The Patterson Principles of Selling

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"Progress is the result of thought."
–from the Think! booklet, 1911

What prevents you from achievement?
How many distractions steal your time?

What are the five most influential sales books you have read?
What books are in your sales library?

Ever get a great idea?
Ever not follow through with it?

What principles of sales do you live by?
Do you even have any?

What does the word "probable" mean to you?
How does "probable" affect your attitude?

What do the words "Boot Camp" conjure up in your mind?
How sales-physically-fit are you, really?

Answers to these questions and more, inside. All you have to do to get them is purchase this book.
(and don’t forget to ask for a receipt)

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Editorial Reviews

Soundview Executive Book Summaries
Century-Old Proven Sales Strategies From a Pro
More than 100 years ago, master salesman John Patterson's principles of selling helped to sell millions of cash registers. Today, sales expert Jeffrey Gitomer has revived and updated Patterson's principles to help modern salespeople benefit from their wisdom. Gitomer tells salespeople, "People don't like to be sold, but they love to buy," and Patterson once wrote, "If the prospect understood the proposition, he would not have to be sold; he would come to buy." Cut from the same sales cloth, both salesmen possess a similar approach to selling and serving the customer. In The Patterson Principles of Selling, Gitomer adapts Patterson's principles to the 21st century and shows salespeople how to achieve the same level of success as "the Father of American salesmanship."

Patterson was more than the founder and president of The National Cash Register Co. (NCR). Gitomer explains that Patterson not only created the first sales boot camps and the first book on how to deal with objections, but his original strategies built a multimillion-dollar empire at the turn of the last century.

The 'Pull-Through' Sales Model
Gitomer argues that Patterson might have been the best salesman of all time - a man who blended the emotion that makes the sale with the logic that figures out the reasoning behind it, and a man who was among the most effective public demonstrators of his day. Gitomer credits Patterson with a number of great sales breakthroughs, including being the first person to realize a customer is more likely to complete a transaction through buying than selling, and the creation of the original "pull through" sales model. He also writes that the most overwhelming evidence of Patterson's genius was his concept of "creating the demand for a receipt, rather than just trying to sell the concept of a cash register."

Early on, John Patterson realized that training was the link to infinite sales. The first NCR sales script, "How I Sell a National Cash Register," which became known as The Primer, provided salespeople with the instructions on what to say during a sale and what to do while saying it. The Primer addressed everything from dressing, to exercise, to closing. Gitomer points out that it even detailed the first personality and situational selling methodology.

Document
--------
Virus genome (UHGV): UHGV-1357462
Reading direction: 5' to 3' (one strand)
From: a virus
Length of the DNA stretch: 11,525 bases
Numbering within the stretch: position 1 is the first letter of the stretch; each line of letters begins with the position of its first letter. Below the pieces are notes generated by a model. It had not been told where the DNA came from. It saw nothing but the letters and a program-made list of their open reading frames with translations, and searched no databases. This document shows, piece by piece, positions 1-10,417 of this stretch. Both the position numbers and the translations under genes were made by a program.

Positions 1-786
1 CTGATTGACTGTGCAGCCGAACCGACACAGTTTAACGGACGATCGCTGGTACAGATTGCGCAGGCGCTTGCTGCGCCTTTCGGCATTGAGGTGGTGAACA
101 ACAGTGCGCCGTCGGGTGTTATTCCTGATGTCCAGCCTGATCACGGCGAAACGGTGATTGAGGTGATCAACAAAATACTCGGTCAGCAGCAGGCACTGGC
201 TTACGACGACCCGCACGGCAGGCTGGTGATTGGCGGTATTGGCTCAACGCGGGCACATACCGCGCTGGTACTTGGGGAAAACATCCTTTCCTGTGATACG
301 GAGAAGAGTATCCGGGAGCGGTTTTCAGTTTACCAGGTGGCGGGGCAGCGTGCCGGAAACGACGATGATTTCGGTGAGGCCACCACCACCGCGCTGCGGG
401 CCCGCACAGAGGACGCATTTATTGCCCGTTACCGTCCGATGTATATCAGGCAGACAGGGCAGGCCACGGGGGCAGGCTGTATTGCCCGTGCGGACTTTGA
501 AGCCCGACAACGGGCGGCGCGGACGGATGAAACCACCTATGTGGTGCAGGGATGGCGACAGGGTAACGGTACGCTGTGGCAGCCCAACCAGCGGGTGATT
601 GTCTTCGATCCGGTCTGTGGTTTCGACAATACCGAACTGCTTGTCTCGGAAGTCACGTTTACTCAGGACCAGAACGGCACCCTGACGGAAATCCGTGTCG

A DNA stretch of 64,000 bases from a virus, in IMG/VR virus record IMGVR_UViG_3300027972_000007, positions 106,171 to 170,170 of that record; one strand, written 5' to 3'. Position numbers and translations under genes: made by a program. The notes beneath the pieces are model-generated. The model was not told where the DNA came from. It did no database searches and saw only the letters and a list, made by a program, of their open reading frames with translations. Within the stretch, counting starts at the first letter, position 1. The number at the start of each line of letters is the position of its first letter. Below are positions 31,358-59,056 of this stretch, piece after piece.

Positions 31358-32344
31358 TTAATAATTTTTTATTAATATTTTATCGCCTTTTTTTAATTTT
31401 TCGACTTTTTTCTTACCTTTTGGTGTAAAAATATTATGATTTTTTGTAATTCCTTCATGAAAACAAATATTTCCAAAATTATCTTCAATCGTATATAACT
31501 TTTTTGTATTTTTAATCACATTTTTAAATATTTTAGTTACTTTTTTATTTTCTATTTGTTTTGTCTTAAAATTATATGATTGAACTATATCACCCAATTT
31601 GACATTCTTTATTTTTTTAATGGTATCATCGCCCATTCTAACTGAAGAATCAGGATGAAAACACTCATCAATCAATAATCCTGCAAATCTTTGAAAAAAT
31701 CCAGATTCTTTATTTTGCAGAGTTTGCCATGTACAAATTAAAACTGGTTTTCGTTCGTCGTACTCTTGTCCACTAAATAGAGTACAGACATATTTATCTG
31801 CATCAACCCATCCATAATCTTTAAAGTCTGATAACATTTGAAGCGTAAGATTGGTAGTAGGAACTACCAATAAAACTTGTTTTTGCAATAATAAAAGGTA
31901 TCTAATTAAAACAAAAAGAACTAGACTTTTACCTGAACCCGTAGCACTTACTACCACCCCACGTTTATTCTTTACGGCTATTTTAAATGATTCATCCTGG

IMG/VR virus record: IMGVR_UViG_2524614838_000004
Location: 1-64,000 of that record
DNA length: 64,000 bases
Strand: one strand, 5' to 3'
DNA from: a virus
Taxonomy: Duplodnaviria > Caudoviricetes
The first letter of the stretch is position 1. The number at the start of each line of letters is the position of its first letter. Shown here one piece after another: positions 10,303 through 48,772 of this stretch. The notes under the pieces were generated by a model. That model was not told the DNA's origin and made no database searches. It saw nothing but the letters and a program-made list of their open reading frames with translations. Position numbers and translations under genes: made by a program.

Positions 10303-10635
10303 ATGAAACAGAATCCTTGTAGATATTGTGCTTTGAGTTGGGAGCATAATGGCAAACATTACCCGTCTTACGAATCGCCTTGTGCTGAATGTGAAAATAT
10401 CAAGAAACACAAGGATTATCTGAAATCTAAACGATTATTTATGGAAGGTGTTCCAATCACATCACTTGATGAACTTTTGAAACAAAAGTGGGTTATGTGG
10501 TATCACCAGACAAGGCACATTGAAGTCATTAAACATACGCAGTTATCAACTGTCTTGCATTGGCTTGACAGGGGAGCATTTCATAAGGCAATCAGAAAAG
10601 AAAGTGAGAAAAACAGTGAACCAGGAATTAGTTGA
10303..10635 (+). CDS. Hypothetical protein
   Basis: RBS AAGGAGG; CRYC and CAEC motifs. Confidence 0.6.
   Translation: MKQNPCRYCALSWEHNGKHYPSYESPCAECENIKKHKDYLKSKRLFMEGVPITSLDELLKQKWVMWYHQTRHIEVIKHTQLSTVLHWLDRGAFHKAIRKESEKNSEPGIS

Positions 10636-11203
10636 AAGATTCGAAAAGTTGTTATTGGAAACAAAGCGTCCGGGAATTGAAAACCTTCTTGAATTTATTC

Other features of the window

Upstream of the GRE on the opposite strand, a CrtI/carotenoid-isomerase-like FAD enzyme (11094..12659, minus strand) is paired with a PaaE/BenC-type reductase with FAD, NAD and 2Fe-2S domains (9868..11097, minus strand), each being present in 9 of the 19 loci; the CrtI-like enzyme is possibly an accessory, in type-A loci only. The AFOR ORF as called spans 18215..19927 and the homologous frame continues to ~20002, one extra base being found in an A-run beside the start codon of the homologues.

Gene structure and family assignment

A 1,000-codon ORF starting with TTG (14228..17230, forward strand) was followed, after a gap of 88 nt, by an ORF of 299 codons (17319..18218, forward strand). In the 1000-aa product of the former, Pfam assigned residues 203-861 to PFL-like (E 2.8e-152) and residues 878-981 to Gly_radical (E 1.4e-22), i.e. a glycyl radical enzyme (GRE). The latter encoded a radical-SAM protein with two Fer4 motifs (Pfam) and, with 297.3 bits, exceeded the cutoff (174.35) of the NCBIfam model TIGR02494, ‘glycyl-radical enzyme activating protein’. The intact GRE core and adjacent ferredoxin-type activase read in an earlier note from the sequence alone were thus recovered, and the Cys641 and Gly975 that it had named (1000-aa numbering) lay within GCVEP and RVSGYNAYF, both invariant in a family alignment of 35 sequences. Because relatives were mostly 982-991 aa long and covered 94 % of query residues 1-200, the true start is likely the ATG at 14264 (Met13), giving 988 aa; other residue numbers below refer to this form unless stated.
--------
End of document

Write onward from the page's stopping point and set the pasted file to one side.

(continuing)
Instead of thinking in terms of profit, Gitomer writes that Patterson thought in terms of the good the cash register would bring to the "probable purchaser." In The Primer, Patterson also created dialogue examples of the most frequently asked questions and objections, as well as answers that had been successful for members of the selling force, many of which still apply today.

Sales Principles
In The Patterson Principles of Selling, Gitomer has dissected The Primer and extracted 32 Patterson sales principles, updated them with a few 21st century concepts, and even added one of his own that glues the others together. These principles include:

  1. Think! Patterson said, "Think and act - two words of progress." Gitomer writes, "Thinking. An action that very few people take the time to do." Write down ideas no matter how far-fetched they sound - just write for 10 minutes straight. Your stream-of-consciousness thinking will net you some amazing results.
  2. Self-Belief ... The Most Convincing Characteristic of a Salesperson. Patterson said, "If the salesman himself has faith in the honesty of his goods, he will have little trouble convincing his customers." Gitomer adds, "Self-belief is a most convincing characteristic to others, and THE most convincing characteristic to yourself." Before you can sell to anyone else, you must be sold on your company, your product and yourself.
  3. Positive Mental Attitude Is Determined by You, Not Others. Patterson said, "Success in selling is up to the attitude within each one of us individually." Your mental attitude is your motivation.

While delivering the principles that helped to make Patterson's sales force successful, Gitomer also provides the history of a master salesman and his company that serves as a foundation on which any salesperson can base a winning strategy for selling. With Gitomer's help, Patterson's principles present timeless lessons about selling that were once novel, are now classic, and still apply today.

Why We Like This Book
Jeffrey Gitomer provides a compelling look at a historical figure and his ideas about selling, as well as a training tool for salespeople of any era. By rooting his sales techniques and tips in the principles of a master salesman from the past, Gitomer demonstrates the timelessness of sales success and the shows how the ideas that once sold millions of dollars worth of cash registers a century ago can be easily revamped and put into action today. Copyright © 2004 Soundview Executive Book Summaries

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Product Details

  • ISBN-13: 9780471662624
  • Publisher: Wiley, John & Sons, Incorporated
  • Publication date: 4/16/2004
  • Edition description: Revised